Taste: Raw and Real in Hawaii

"They're kind of disgusting ... but really good," says the young man behind the counter at the kava bar. That's not exactly the reaction I was expecting when I asked about the opihi on the menu. Here on the Big Island of Hawaii I'm eager to try authentic flavors that I've never had before, but now I'm worried. While I waffle, the man, sporting nothing but shorts, sandals and a chestful of blue-black tattoos, hands me a coconut shell filled with kava. I find out his name is Sage. "You can see opihi at the beach," he says. "They're those little black shells that cling to the rocks." He's trying to make the case for me to order them, but he's effectively doing the opposite.

"So what do they taste like?" I ask. Sage concentrates for a moment, as if looking for the right wording. Finally, he says, "They taste like the ocean."

That's what I'm looking for. With the same sense of adventure some tourists reserve for exploring coral reefs or lava fields, I've spent a week on the Big Island stalking typical Hawaiian dishes. I've gone from Kailua Kona in the west to Hilo in the east, hitting diners and platelunch joints. And I've found some pretty exotic specimens - the results of centuries of Asian, Polynesian, European and American culinary influences. I plowed through servings of loco moco (hamburger patties with a fried egg, rice and gravy) and chicken katsu (fried Japanese style), all accompanied by big scoops of macaroni salad. I slurped through a deep bowl of saimin noodles, and of course I had Spam musubi, slices of grilled Spam on blocks of sushi rice. But after a week of carb loading, I want a taste of Hawaii itself. A taste that's raw.

That's how I ended up here at a pocket-sized joint called Kanaka Kava tucked into a shopping center in Kailua Kona, on the west coast of the Big Island. I discovered the place while on an aimless evening stroll down Ali'i Drive, Kailua Kona's main oceanfront street. One look at the crowd, and I knew I had stumbled onto a local secret. At long community tables surrounding the restaurant's outdoor serving counter, surfer girls with wind-tousled hair and old beachcombers in threadbare aloha shirts commune over kava, a bitter drink famed for its purported antidepressant and relaxing properties.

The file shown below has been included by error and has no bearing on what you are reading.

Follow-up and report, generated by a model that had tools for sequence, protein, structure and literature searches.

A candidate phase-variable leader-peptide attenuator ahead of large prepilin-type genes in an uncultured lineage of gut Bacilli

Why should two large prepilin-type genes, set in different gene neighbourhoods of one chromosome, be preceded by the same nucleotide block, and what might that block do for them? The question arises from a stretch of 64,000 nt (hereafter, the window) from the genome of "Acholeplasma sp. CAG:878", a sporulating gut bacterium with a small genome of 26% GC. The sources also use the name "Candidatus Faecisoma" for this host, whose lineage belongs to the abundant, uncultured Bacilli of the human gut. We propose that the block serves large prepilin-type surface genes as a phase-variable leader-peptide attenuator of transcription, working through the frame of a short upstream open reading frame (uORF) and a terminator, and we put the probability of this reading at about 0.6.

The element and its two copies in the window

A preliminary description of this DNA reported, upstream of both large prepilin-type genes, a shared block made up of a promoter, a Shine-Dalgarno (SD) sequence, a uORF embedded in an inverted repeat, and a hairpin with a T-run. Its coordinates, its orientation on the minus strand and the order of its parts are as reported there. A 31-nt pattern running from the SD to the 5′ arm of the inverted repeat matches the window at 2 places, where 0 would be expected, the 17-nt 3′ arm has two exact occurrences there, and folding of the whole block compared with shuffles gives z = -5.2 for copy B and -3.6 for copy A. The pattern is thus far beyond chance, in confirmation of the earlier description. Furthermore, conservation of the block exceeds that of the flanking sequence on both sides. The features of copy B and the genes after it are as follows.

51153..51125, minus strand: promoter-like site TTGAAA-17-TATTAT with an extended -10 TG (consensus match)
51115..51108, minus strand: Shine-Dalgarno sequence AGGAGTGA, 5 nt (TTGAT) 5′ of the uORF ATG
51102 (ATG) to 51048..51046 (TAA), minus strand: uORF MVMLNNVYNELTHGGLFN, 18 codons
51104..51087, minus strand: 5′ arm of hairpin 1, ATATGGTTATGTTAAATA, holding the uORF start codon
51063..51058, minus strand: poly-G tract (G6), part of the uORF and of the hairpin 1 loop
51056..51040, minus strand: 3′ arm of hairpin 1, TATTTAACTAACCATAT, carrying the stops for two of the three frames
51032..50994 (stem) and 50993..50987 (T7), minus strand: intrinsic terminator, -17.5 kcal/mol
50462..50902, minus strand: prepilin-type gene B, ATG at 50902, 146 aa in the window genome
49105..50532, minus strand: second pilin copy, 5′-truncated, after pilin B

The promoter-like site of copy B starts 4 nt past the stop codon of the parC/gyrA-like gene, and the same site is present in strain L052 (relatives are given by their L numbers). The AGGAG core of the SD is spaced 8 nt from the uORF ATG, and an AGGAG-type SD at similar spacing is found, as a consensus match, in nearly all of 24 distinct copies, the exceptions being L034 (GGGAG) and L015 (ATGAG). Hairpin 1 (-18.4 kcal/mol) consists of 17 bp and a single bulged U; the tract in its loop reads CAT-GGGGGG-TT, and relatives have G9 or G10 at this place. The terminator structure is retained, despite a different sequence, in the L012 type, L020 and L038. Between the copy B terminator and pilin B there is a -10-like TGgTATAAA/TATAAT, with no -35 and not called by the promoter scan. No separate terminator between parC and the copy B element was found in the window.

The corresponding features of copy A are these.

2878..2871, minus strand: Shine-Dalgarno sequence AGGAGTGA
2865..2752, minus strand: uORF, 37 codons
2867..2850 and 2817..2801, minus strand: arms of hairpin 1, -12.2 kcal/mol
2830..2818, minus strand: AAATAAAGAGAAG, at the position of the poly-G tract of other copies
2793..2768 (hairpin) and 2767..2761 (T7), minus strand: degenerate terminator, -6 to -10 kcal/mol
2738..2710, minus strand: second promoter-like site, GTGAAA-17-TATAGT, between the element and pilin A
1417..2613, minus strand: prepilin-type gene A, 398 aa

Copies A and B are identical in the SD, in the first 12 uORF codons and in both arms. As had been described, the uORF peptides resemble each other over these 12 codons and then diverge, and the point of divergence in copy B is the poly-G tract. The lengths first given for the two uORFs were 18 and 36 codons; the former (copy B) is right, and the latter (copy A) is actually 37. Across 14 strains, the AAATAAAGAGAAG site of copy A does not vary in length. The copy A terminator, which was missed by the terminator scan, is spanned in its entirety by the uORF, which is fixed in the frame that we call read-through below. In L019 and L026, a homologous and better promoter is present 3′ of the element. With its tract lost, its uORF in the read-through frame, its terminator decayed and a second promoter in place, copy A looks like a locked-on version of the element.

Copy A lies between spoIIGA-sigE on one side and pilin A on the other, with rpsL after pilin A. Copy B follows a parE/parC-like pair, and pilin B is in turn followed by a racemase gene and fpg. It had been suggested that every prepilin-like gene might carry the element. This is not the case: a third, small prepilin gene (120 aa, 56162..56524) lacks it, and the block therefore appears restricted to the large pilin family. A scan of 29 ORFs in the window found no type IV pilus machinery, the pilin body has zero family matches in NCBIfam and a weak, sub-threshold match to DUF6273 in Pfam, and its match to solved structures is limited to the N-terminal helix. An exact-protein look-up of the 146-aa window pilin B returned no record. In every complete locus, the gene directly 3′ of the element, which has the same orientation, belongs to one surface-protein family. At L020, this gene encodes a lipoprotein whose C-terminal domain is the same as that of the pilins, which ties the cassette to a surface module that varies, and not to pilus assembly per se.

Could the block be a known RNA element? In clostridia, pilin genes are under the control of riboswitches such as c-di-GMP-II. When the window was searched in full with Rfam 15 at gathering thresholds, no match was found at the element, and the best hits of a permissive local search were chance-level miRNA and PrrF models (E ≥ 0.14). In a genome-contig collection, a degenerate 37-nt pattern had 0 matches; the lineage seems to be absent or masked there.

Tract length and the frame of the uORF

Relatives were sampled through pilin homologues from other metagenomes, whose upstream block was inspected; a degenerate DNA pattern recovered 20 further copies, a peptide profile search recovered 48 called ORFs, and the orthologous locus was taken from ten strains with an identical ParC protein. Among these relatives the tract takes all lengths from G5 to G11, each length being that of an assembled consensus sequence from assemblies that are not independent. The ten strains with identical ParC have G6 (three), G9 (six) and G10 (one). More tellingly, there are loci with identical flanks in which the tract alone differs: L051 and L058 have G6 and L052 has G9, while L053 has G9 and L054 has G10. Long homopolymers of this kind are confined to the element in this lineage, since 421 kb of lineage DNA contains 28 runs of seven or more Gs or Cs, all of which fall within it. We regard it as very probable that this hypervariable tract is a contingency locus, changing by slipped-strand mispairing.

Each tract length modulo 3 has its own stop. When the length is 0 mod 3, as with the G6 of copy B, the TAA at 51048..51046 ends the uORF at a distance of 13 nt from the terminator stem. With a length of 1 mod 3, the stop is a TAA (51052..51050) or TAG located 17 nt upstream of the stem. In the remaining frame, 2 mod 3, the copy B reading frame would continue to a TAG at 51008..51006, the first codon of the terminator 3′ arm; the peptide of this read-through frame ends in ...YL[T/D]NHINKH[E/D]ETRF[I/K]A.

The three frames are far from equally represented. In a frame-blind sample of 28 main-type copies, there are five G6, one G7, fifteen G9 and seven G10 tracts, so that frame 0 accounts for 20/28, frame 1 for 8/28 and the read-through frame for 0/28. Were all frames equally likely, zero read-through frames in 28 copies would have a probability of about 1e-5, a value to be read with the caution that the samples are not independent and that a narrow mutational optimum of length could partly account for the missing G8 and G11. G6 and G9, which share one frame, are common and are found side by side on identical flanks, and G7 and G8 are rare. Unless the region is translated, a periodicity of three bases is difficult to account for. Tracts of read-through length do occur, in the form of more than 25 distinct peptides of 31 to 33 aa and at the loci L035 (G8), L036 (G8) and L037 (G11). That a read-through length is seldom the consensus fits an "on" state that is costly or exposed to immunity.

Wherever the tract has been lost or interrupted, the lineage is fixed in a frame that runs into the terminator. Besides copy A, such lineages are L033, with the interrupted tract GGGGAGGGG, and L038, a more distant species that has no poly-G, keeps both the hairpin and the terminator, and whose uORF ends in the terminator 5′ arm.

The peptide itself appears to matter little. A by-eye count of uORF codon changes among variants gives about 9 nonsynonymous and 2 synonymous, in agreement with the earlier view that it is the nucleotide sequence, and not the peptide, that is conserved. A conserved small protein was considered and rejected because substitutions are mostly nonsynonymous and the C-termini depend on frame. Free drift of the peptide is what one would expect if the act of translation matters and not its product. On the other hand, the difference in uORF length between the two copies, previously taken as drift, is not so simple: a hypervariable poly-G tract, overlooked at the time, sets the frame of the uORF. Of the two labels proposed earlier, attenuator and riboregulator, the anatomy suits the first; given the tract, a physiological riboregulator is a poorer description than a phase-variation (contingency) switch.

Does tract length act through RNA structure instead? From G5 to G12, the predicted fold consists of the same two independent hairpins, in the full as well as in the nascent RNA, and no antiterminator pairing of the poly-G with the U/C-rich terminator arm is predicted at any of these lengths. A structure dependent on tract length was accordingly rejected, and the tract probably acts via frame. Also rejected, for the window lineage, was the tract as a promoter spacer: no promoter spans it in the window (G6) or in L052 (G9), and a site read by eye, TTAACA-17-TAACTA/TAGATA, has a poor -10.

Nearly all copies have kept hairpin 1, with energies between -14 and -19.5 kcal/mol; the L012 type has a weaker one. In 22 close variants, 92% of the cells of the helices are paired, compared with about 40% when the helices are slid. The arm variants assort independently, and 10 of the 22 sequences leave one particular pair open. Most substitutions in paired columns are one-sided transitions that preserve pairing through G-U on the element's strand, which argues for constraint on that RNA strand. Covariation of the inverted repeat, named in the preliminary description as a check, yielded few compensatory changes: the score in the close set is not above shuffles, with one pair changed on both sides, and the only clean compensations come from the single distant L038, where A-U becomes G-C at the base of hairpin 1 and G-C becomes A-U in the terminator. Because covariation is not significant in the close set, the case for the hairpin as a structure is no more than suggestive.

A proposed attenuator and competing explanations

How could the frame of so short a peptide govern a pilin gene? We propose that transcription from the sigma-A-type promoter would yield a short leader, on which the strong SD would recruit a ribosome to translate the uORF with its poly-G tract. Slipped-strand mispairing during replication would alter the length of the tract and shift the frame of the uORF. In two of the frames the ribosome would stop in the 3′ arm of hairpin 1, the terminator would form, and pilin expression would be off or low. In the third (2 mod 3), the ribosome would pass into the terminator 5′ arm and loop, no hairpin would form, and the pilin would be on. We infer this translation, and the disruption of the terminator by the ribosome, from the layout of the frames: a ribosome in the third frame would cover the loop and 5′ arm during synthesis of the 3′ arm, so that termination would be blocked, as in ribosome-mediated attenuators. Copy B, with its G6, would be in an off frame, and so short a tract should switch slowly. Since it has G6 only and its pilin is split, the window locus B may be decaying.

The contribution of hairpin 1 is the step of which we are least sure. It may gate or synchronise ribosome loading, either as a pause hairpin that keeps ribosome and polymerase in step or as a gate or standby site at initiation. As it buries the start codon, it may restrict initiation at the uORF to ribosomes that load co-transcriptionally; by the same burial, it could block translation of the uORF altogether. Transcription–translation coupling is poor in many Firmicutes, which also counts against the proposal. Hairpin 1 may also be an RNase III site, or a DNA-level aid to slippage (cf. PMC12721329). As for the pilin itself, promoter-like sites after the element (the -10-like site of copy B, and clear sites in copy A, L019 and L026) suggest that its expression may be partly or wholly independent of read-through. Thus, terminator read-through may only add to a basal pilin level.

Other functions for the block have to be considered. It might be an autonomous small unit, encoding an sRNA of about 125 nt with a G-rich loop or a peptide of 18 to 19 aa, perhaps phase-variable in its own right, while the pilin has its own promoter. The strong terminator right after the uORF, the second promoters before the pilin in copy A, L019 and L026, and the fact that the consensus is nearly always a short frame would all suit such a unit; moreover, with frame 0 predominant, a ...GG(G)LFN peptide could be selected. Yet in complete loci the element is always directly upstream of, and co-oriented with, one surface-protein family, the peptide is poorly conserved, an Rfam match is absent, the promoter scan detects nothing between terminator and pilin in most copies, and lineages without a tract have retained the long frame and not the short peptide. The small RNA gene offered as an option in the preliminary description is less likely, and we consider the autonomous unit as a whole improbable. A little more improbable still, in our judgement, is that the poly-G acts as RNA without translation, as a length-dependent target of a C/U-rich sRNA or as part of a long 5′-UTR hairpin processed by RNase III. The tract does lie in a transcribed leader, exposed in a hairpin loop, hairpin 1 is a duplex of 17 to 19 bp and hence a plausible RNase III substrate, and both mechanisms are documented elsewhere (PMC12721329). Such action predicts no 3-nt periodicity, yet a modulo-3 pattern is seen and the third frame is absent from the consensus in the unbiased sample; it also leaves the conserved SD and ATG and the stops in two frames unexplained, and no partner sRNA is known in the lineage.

I order a bowl of opihi. Sage wrangles one of the bar's owners, Johanna Gibson, to answer the questions he can't. Opihi, she says, are commonly called limpets, and they've long been a staple of the traditional Hawaiian diet. In the past few years, opihi have become scarce in Hawaii; conservationists believe they've been overpicked and advocate stricter laws regarding their harvest. "Most people who like opihi have their own favorite spots and pick for themselves," Johanna tells me. "But picking can be dangerous. Opihi like to grow on the rocks where the surf is the roughest. I'm sure you've heard the song 'Opihi Man' by the Ka'au Crater Boys?"

I had not. Turns out, it's a celebration of the opihi picker's dangerous life: Like the crab on the rock, you gotta run real fast. / Keep your eye on the wave, don't ever turn your back. / Opihi man in the sun, opihi man, grab your bag and run. / Opihi man, another swell is coming your way ... .

I realize that I had seen these creatures just the day before near 'Ahalanui Pond on the Big Island's eastern tip. The surf that afternoon was powerful; fast, frothy waves pounded the stony shoreline. Clinging to the rocks through wave after wave were small black shells, an inch or two in diameter , shaped like shallow, wide cones - tiny oceanic versions of Hawaii's famous volcanoes. I assumed they were a kind of barnacle, but now I know: These are opihi, relatives of snails. When Sage brings me my opihi, I'm famished, probably as hungry as the Hawaiian who first thought these rock-dwelling creatures looked appetizing.

In my bowl are about a dozen black-and-gray, glistening oval shells, each with a putty-colored "foot" the size of a quarter. The shell's snail-like inhabitants have been removed, and they are patently unattractive. They're usually eaten raw. The only garnish here is a sprinkling of Hawaiian salt.

I pop one in my mouth. At first, the flavor is aggressively marine, like getting a deep breath of wild sea spray. They look a little like oysters, but they're much tougher to bite through - a testament to a life spent clutching a wave-battered rock for survival. As I chew the clamlike belly, I evaluate it like a fine wine. Is that a seaweed brine with a sun-baked-sand overtone and a hint of flint?

No, this isn't the island's greatest dish. But the opihi does take me deeper into Hawaii. This tells a tale of an island born at the bottom of the sea and its rise to the surface - a primordial story not of people, but of earth and water. As I eat my way through the bowl, I look around at my fellow diners and kava drinkers, native Hawaiians and tourists alike.

In the distance, we hear the rumble of the deep, dark ocean that surrounds us, forever crashing on the shore. All of us are clinging like little snails to the same black rock.

By the time I eat my last opihi, I'm not even thinking in terms of flavor. This bracing bite is elemental and pure. Finally, I have found Hawaii.